University of Arizona
Blocking Enzyme PIM Kinase to Treat Non-Small Cell Lung Cancer
Non-small cell lung cancers (NSCLC) rapidly become resistant to therapy. Nrf2 is a gene that contributes to NSCLC progression and the onset of resistance to therapy. The protein KEAP1 keeps Nrf2 levels low, but in more than half of NSCLCs, mutations disrupt the function of KEAP1. Nrf2 activation represents a promising target for therapy. We recently discovered that enzymes called PIM kinases control the activation of Nrf2. PIM inhibitors can block Nrf2 activity independent of KEAP1. The goal of this research is to determine how PIM inhibitors inactivate Nrf2 in KEAP1-mutant tumors and to test the efficacy of PIM inhibitors in combination with currently approved therapies in NSCLC. PIM inhibitors have entered clinical trial testing and our findings could quickly impact patient care.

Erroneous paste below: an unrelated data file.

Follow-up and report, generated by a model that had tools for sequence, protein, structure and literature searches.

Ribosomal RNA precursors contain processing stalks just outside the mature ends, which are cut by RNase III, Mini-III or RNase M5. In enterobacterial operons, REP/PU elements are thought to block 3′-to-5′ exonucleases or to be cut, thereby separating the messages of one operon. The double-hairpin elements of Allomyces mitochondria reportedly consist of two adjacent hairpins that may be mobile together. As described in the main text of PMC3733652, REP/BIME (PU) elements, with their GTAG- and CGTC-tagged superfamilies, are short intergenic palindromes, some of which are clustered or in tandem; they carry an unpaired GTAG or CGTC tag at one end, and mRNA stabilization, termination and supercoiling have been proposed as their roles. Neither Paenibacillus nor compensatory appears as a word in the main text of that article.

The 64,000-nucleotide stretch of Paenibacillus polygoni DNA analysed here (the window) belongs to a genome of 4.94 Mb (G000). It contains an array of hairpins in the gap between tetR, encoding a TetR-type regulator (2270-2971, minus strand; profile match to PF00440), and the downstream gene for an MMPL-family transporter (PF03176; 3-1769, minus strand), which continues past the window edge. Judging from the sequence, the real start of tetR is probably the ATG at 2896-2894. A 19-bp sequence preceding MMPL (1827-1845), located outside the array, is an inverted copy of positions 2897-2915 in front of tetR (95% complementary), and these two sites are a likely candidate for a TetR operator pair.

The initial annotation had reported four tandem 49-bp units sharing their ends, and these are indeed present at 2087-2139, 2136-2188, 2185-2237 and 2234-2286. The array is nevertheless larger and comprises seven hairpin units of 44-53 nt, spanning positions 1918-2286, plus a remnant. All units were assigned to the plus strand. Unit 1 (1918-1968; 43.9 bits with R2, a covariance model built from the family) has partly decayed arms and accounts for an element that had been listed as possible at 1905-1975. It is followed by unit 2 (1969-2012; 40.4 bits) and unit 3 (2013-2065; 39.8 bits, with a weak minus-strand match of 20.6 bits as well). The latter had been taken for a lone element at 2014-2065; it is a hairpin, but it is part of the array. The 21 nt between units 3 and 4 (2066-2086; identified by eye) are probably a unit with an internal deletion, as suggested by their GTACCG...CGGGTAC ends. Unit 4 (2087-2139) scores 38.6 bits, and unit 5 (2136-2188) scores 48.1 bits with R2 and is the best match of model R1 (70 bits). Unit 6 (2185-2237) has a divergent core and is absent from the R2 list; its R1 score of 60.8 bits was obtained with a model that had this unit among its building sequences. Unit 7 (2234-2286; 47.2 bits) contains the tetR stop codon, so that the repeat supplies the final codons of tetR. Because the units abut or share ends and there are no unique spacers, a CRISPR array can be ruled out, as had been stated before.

Update: In the first year of this award, we demonstrated that PIM kinase inhibitors effectively reduce Nrf2 signaling in KEAP1-deficient cell lines, representing a novel, effective approach to suppress Nrf2 activity. Treatment with PIM inhibitors overcomes Nrf2-driven therapeutic resistance to FDA-approved chemotherapies in NSCLC cell lines. Future studies will examine the mechanisms by which PIM controls Nrf2 and will test a treatment strategy of combining PIM inhibitors with chemotherapy in xenograft (surgical graft of tissue from one species to another species) and PDX (tumor tissue that has been taken from a patient and implanted into mice) models of KEAP1-deficient NSCLC.